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How Bizarre

Explaining Henry VIII’s erratic behavior

Too many hits to the head may explain English monarch’s violent personality

By
7:00am, February 26, 2016
Henry VIII

SCHOOL OF HARD KNOCKS  Scholars have debated for decades why Henry VIII acted the way he did. Head hits might be to blame.

Hard knocks from jousting, hawking and horseback riding may have left Henry VIII with traumatic brain injuries that muddled his thinking. That theory, described online February 5 in the Journal of Clinical Neuroscience, attempts to explain the British monarch’s puzzling personality shift from a young renaissance king to a petty, cruel and capricious tyrant, Muhammad Qaiser Ikram of Yale School of Medicine and colleagues propose.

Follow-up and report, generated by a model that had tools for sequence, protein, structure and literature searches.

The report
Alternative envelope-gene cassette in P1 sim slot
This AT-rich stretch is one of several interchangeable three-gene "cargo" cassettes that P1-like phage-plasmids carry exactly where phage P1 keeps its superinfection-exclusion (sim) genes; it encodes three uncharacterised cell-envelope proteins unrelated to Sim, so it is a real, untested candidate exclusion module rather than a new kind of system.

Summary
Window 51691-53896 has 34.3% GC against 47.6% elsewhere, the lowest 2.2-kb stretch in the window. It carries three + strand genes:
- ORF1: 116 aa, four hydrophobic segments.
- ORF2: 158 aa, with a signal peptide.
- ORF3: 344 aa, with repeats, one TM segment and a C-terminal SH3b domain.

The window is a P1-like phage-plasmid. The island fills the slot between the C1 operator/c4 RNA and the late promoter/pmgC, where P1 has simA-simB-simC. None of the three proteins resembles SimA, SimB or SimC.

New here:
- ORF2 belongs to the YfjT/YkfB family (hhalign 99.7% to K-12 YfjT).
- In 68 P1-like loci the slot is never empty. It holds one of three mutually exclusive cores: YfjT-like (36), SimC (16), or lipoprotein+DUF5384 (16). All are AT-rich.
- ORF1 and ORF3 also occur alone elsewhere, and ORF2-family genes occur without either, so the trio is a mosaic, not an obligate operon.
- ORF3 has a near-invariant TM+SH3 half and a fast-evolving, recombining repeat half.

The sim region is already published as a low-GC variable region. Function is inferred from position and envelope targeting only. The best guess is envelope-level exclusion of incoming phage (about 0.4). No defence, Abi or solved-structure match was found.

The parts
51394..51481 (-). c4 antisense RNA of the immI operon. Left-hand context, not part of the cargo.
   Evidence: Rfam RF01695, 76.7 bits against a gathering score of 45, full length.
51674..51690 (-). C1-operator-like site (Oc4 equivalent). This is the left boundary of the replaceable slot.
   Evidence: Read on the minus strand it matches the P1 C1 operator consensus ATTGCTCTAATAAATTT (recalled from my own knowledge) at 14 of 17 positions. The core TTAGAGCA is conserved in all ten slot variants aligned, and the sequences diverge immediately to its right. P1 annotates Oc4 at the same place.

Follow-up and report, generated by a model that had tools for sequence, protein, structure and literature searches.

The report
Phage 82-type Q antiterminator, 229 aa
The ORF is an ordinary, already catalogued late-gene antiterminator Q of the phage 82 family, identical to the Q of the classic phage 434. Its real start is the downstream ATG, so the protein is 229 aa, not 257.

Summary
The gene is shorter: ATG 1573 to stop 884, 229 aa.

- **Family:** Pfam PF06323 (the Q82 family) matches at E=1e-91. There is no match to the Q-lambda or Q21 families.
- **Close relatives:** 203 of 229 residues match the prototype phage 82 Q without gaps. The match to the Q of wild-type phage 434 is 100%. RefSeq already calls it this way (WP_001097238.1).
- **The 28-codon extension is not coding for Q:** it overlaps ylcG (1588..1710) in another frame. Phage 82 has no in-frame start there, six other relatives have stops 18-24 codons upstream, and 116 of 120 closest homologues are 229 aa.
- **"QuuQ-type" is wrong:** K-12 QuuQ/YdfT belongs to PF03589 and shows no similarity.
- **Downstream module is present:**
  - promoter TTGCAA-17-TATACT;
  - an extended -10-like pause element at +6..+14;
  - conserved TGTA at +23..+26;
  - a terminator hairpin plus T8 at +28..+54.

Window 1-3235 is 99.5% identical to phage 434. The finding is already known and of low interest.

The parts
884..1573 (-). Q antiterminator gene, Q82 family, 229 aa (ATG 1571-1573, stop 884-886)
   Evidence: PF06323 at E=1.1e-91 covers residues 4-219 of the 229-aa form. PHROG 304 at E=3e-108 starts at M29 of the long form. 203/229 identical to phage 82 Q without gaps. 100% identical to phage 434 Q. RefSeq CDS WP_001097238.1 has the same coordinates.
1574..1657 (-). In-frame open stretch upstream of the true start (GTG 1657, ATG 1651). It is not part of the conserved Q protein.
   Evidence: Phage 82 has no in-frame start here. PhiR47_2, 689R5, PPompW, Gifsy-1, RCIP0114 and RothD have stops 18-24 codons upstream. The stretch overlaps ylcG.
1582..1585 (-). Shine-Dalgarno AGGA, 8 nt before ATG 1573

Long before the head-cracking collisions that damage the brains of football players (SN: 6/14/14, p. 12), people were sustaining head hits in other ways, the researchers note. And Henry had some doozies, historical records show. Several hard jousting knocks and a fall into a soggy ditch (the unfortunate result of a vaulting pole malfunction) left Henry dazed and,

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